Boozed + Infused

Infusing liqueurs at home with inspiring and seasonal ingredients

Straining and Filtering Liqueurs


Most liqueur books have a detailed process listed for straining and filtering your infusion. They usually include a mesh strainer, then multiple layers of cheesecloth, and finally paper coffee filters. Most of this works great. And depending on what you are filtering, that process can be all that is needed.

I add an additional step in this process, filtration through a jelly-bag or jelly-straining set. Believe it or not, this extra step can save a lot of time and effort. Depending on how much material is left in the liquid after the initial straining, I sometimes skip the cheesecloth step. I rarely skip the jelly-bag. It filters much finer than cheesecloth, without having to run it through multiple times.

Step 1 – Mesh strainer

Depending on what you are straining, you may need a small or large strainer. For this liqueur, I used a very small strainer, and poured directly through a wide-mouth funnel into a canning jar. For other items, I will often use a much larger strainer over a mixing bowl.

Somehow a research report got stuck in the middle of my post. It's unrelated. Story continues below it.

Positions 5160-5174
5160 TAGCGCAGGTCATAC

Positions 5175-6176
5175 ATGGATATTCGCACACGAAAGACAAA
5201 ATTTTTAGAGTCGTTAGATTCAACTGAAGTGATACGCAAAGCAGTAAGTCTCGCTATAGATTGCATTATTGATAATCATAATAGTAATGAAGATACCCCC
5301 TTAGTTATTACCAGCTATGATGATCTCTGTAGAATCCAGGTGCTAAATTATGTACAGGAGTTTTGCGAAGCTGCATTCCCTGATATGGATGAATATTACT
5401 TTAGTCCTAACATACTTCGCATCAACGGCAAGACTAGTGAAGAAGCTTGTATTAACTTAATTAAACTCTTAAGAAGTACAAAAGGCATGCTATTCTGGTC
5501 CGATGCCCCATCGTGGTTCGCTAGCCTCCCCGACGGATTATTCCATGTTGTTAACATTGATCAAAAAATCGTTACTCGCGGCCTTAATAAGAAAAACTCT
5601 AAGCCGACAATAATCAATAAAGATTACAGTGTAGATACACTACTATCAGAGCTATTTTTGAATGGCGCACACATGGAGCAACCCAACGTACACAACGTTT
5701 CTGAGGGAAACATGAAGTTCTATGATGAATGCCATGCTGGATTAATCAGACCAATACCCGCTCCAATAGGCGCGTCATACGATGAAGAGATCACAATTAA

Step 2 – Cheesecloth

You may want to start with just a few layers of cheesecloth, and then filter a few more times, increasing the layers each time. For ingredients with very fine particles, you may only filter once or skip this step. For the ginger-lime gin, I skipped from the mesh strainer directly to the jelly bag (step 3).

Step 3 – Jelly Bag / Jelly Strainer

For those of you who are home-canners, you likely already have a jelly bag or jelly strainer of some sort. If not, you can find one on Amazon, or at a local shop. For those of you in Portland, OR, Mirador in SE Portland almost always has them in stock. And in the summer months, you can find them at Bi-Mart.

The jelly straining kit is usually used over a bowl, but I find it much less messy to use it over a jar, as demonstrated above. This set fits perfectly on the rim of my salad plate, but works fine if you just set it on the counter as well.

Feel free to run the liqueur through the jelly strainer a few times. Most liqueurs strain very well with just one pass through the jelly bag, but with fine particles of spices, a second or third pass can be helpful.

Step 4 – Coffee Filters